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America's 'shadow economy' is bigger than you think - and growing

The informal, or 'shadow,' economy is as big as $1 trillion. And in poor economic times, it's growing.

Pedestrians cross Malcolm X Boulevard on West 125th Street in Harlem, near the Apollo Theater, in 2008. Malcolm X is home to a flourishing 'shadow' economy, informal business arrangements that are on the rise during the economic slump.

Scott J. Ferrell/Congressional Quarterly/File

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NEW YORK — A white sheet of paper tacked to a fence outside a Harlem church has one line written on it: Carlos lite-mover – mudanzas. It has a drawing of a truck and a phone number.

A man’s voice answers the number. Yes, he’ll use his truck to move people’s belongings. It’s a way to earn some cash. Is this a registered business he reports for taxes? No answer. He quickly hangs up.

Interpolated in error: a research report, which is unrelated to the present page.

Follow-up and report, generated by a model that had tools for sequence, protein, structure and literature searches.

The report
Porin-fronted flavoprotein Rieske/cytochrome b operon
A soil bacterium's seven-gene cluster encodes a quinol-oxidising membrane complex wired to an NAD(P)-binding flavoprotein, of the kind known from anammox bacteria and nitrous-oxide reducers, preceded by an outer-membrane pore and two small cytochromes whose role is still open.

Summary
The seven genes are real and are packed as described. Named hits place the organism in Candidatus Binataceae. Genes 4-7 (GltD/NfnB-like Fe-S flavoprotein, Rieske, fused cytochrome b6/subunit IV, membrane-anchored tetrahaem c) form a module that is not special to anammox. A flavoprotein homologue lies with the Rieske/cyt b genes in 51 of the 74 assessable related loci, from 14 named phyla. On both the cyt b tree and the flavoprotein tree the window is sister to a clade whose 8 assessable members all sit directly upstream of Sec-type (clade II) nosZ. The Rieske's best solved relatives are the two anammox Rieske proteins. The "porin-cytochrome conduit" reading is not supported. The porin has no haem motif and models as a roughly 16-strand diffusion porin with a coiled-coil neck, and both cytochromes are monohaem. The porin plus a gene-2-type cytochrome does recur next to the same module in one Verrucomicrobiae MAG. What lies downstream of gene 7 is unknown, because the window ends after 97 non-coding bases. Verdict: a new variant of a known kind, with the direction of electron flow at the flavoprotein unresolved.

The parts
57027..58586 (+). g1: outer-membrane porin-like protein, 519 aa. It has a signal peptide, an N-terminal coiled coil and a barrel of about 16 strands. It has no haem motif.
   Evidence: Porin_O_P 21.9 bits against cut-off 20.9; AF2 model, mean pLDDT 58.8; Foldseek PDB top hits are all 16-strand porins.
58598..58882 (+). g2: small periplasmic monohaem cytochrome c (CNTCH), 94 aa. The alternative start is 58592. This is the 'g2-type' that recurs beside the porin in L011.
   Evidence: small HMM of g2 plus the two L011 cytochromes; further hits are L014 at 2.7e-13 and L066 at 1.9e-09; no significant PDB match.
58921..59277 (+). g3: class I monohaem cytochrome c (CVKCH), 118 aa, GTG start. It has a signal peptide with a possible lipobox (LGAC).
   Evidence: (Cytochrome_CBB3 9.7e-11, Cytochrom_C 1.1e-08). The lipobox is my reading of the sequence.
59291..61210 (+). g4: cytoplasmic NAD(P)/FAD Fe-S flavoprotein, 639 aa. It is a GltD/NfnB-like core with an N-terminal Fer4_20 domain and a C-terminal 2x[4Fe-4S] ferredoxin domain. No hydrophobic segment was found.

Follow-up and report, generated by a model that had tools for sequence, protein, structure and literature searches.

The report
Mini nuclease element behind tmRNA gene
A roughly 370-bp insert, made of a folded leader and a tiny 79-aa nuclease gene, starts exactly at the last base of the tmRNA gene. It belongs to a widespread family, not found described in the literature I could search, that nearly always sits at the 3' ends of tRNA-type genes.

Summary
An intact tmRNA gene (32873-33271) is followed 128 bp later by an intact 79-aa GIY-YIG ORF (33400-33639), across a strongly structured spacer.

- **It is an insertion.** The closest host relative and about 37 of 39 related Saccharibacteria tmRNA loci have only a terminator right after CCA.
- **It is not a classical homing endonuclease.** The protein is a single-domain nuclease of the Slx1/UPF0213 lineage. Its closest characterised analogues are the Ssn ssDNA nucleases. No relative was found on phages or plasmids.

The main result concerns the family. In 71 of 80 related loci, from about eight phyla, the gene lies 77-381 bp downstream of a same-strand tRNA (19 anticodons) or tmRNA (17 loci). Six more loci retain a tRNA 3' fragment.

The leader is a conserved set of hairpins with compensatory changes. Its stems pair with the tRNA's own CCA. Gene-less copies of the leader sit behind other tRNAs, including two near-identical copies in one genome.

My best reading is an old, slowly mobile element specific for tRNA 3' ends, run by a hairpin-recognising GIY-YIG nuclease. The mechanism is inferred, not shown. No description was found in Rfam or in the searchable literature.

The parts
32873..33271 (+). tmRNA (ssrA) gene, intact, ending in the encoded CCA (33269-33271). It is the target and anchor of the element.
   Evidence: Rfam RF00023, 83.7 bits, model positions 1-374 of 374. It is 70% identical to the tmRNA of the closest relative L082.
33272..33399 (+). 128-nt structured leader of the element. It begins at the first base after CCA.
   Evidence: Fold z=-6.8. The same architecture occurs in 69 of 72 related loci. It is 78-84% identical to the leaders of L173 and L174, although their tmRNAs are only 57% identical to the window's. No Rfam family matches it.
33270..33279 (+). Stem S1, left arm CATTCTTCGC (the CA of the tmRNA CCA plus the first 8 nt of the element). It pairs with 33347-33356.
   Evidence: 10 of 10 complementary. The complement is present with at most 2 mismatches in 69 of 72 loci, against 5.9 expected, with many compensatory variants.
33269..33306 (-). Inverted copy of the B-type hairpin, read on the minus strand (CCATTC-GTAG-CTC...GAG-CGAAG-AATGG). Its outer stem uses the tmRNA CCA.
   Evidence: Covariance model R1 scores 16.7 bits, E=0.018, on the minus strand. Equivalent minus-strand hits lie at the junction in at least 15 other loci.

Inside the church, a moseying custodian says certainly, many of the women who come to the Thursday night meeting have informal businesses. They sell food and makeup from their homes.

A grandmotherly woman with a sweet smile arrives. “No,” she says, that’s not true. She quickly shakes her head with a furrowed brow.

Pinning down the informal economy is as tough as catching a fake Louis Vuitton vendor running from the police. But it’s huge in the United States – larger than the official output of all but the upper crust of nations across the globe. And, due to the recent recession, it’s growing.

Whether that’s good or not depends entirely on one’s point of view. The rise of the informal economy is either the flourishing of entrepreneurship among America’s poorest or a drag on legitimate businesses that play by the rules. Here, on Harlem’s Malcolm X Boulevard, you can find both.


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